This situation won’t improve unless more people find out that they’re being duped and manipulated every day – by their politicians, the media and their lecturers. So many nations are polarised with half their population voting for a kind of one-world globalism (as long as it’s their way of life the whole world will have to live by), and half are voting to save their national culture and identity. Half are voting for a version of socialism and half are voting for democracy, liberty and to stop excessive government control over what we can say, do, eat, celebrate, listen to, buy, sell, build etc.

Depending on the country, vaping is important politically because it signals, and can normalise, rejection of socialism if the socialist elite say ‘don’t vape’. If the horse has bolted, that is, vaping and support for vaping spread widely before the government could ban it (as in New Zealand), then the socialist elite will twist vaping into an act of submission to (signalling support for) the government. That is, they’ll say “switch to vaping”. Reality is – vaping was a personal discovery, not a political one.

Most politicians don’t care about vaping per se. Supporting vaping is about supporting individuals who have found a solution at market, without the government’s help. Supporting vaping, supports the industry that has grown up around vaping. Politicians who are anti-free market, anti-capitalist, anti-libertarian will struggle to support vaping for those reasons. Their political ideology, that causes them to take an anti-vaping stance, has personal consequences for the millions of people who currently smoke tobacco.

Though vaping is a personal decision, vaping is a political act, because politicians made it a political football.

2 thoughts on “The Politics of Vaping”

  1. Max Cruickshank

    I am in Scotland and spent decades delivering drugs education workshops to teens. Scotland has made big inroads into reducing smoking with our bans on smoking in public.
    Vaping here is many an adult activity so far. I see vaping as a way for the big tobacco companies to keep a hold on smokers and not lose out on recruiting teens to replace the adult quitters. I do not believe that vaping is a route for determined and heavi,y addicted smokers to quit.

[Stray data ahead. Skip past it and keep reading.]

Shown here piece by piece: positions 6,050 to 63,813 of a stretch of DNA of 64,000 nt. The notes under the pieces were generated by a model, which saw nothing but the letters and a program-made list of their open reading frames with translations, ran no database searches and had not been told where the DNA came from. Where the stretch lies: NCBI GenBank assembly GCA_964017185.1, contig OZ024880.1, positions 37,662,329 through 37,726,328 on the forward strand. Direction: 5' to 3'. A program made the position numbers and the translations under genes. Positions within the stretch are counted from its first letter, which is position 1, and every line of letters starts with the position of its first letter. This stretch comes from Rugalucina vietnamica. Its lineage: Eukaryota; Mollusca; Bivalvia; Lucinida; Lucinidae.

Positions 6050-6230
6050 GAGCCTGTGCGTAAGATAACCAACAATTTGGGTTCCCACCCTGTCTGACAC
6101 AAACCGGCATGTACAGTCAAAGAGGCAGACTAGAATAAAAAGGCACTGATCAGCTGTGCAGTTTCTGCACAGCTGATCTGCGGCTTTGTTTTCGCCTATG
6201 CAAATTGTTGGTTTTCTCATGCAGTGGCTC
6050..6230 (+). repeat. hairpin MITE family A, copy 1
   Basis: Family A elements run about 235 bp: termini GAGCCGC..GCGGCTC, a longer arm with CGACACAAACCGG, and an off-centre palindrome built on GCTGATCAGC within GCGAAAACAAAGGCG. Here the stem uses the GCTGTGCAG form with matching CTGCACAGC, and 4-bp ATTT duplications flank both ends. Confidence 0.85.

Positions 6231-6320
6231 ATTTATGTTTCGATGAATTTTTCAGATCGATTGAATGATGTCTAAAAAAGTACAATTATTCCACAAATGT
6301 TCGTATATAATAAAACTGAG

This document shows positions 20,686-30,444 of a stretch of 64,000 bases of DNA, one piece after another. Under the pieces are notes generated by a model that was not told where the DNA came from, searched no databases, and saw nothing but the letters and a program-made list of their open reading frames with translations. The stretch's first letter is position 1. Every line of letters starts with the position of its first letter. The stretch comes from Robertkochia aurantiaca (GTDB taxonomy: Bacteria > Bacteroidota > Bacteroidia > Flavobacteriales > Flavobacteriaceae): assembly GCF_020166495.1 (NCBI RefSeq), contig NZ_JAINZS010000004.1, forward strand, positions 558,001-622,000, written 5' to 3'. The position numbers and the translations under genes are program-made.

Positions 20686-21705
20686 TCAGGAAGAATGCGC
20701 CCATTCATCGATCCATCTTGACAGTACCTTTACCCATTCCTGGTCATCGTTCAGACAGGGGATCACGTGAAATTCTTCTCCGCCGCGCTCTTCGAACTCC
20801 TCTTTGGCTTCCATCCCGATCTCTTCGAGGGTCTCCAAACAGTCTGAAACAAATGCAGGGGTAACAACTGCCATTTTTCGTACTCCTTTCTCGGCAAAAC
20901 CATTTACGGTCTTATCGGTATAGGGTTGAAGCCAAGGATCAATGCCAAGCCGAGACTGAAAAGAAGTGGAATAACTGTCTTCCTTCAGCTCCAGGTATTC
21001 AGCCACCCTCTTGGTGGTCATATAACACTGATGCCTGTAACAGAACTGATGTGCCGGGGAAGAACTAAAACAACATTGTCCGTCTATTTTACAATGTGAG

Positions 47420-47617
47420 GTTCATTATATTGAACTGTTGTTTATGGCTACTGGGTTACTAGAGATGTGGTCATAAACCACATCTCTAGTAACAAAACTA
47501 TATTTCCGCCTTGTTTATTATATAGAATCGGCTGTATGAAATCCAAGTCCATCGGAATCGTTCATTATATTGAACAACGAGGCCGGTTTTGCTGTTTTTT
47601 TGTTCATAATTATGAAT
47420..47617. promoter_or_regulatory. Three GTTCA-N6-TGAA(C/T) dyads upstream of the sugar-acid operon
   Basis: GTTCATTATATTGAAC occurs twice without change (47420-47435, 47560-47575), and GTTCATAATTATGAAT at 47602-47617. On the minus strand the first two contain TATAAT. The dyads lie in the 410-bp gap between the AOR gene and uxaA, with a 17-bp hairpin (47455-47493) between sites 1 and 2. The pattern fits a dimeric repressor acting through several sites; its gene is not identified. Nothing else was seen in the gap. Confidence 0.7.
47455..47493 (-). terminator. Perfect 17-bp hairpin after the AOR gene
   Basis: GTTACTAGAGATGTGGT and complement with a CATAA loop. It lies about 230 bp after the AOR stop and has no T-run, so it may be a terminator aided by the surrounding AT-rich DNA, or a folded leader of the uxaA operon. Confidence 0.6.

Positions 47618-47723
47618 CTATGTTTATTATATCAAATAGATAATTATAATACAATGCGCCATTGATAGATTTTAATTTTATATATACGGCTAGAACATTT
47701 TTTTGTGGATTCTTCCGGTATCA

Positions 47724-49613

Even allowing for your arguments about governments losing tax income and poor people losing work I would still prefer that vaping was taken off the market for the long term health of us all.
    Over the last 60 years I have watched the mafia in all its guises exploit poor people all along the harvesting, processing and delivering harmful drugs of every sort that destroys lives especially of the poor. The killing of 300,000 children and adults used as drugs couriers in south America alone is one massive reason to curb such exploitation that provides no income to governments.only massive health and prison costs.

    Max Cruickshank
    Email [email protected]

    1. I can understand how someone who has battled tobacco and drug addiction for decades, and seen the lies the tobacco companies has spun in the meantime, can be suspicious of vaping.

      But tobacco companies didn’t invent vaping. I see vaping as a big threat to the tobacco industry, and wouldn’t be surprised if they were surreptitiously trying to undermine it. They would certainly take control of it from the independent vape industry if they could. In fact, control efforts in other countries, such as the PMTA process in America, is going to help protect combustible tobacco revenues.

      But still – in the UK alone, 2.2 million smokers have gone from smoking cigarettes to vaping to not using nicotine at all (Source: https://ash.org.uk/media-and-news/press-releases-media-and-news/in-2019-around-half-as-many-britons-now-vape-as-smoke-and-the-majority-are-ex-smokers/). How can that be a bad thing for public health, and how can it be a good thing for the tobacco industry?

      If you are still sceptical, do try talking to some of the many vapers who tried and failed for years to quit smoking before finally coming across vaping.

Leave a Comment

Your email address will not be published. Required fields are marked *

Scroll to Top